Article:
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Harmony Private Wealth Weekly November 5, 2021

The market melted up again this week as all eyes were on Wednesday’s Federal Reserve meeting.  According to Bloomberg, and as expected, Fed policy makers announced a stimulus-reducing taper of monthly bond purchases.  The taper will begin later in November and continue for many months into the future with the caveat that they’ll adjust the taper as needed if economic conditions warrant it.  He further expressed a unanimous decision by Fed participants to be in no hurry to raise interest rates even though inflation may run hot for next few months, with no guidance on future rate hike plans.  The Fed did acknowledge that inflation is elevated, but in their opinion, some inflation is due to factors that are expected to be transitory and once supply chain constraints ease, inflation is expected to reduce.  All this is a signal from the Fed to investors that they think the economy is strong enough to handle the taper and the economy is on a good track.


Fed Chair Powell reinforced this interest-rate view in his post Fed meeting press conference Wednesday, saying that “it's not yet time to focus on rate hikes since maximum employment might not be reached until mid-2022”.  We would say full employment may not be reached until well after that, we’ll see!


News has been favorable for stocks. The Institute for Supply Management’s U.S. manufacturing index rose to 61.1% in September from 59.9% in the prior month, indicating that manufacturing is continuing to grow.  According to Refinitiv: 60% of S&P 500 companies have reported earning thus far with 80% of those companies reporting exceeding guidance from last quarter.  Further, corporate profits are on pace to increase 39%, which may surprise many reading this.  Growing earnings and profits (dividends) are why we invest in good companies, this is the point of investing, to grow our money.  Notably this earnings performance is happening concurrent with Covid supply constraints and labor shortages abound.  Companies and the stock market are getting on with it, and many economist agree these two issues will abate as 2022 proceeds, but certainly these issues have impacted economic growth lately.  Over the weekend a deal was reached between the U.S. and EU to ease U.S. tariffs on steel and aluminum imports with a goal of reducing aforementioned supply chain bottlenecks and carbon emissions.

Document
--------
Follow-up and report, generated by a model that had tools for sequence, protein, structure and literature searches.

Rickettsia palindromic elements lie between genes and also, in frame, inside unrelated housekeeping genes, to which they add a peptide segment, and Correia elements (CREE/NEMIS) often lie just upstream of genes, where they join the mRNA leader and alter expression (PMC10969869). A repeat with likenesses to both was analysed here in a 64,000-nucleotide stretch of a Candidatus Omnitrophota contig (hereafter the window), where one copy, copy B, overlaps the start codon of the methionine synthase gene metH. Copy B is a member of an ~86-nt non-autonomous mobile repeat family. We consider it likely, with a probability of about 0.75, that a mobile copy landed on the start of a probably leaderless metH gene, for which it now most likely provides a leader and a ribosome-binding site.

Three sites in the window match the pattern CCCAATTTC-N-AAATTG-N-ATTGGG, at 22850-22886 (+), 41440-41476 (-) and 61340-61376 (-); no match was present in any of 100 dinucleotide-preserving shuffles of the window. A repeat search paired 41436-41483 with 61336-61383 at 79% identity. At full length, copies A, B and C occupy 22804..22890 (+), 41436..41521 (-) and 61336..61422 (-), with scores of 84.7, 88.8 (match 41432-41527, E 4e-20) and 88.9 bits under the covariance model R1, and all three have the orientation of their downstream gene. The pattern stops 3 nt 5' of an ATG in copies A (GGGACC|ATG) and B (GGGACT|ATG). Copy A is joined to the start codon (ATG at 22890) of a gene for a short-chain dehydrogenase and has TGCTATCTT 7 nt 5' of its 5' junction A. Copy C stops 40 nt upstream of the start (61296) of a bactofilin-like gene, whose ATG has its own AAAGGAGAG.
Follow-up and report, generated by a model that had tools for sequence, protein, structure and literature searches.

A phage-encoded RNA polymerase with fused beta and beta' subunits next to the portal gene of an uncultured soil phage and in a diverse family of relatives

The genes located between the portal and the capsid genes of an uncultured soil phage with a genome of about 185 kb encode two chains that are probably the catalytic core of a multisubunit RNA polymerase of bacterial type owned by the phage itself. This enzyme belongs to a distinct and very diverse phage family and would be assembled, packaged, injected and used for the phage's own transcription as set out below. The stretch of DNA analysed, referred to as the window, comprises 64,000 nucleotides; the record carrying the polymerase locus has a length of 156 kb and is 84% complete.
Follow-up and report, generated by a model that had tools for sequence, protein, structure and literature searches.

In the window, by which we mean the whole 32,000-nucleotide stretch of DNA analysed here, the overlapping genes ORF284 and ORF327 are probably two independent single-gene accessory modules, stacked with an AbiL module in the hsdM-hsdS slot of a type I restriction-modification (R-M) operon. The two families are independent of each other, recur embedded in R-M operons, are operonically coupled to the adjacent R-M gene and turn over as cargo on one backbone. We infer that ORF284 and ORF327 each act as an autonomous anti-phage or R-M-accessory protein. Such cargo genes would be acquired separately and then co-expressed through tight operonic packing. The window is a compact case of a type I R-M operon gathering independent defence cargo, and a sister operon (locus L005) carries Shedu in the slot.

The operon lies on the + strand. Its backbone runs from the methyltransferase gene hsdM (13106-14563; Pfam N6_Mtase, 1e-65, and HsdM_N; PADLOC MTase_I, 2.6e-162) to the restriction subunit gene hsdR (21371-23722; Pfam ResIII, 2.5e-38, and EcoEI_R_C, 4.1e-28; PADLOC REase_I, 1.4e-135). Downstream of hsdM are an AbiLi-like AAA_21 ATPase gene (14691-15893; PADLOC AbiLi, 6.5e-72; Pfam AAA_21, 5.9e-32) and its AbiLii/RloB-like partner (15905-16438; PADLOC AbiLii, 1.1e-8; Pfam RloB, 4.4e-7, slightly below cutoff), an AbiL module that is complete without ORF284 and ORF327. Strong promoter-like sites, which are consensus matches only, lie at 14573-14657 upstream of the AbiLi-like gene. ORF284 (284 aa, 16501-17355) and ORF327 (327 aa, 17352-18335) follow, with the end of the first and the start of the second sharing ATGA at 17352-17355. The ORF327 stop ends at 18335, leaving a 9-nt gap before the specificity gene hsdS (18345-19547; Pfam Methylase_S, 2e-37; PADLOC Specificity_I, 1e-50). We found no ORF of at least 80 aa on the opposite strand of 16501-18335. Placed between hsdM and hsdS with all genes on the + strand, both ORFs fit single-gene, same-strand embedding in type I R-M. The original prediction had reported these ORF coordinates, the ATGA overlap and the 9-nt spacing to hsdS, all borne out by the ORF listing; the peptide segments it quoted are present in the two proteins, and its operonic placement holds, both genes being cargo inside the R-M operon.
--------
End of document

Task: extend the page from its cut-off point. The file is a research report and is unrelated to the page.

The market has hit new highs, again, and has now reached its most overbought reading in more than a year (September 2020).  While overbought sounds bad, it is good to see lots of participation by investors.  Undoubtably the market can continue moving higher from here.


A piece from First Trust talking about the Fed, and inflation and interest rates


Also attached is Michael Gibb’s piece from Monday this week and it has a very interesting chart on page 3 showcasing average monthly performance for the S&P 500.  Notably, October is typically the 5th best ranked month for performance, but was up 6.91% this year, which is way better than the 1.58% average for the month.  November is typically the 2nd best month and December is 3rd best.  Buckle up!


Michael Gibb’s weekly piece


Have a nice weekend!


DeHaven, Michael, Janet, Mariah and Tamara.

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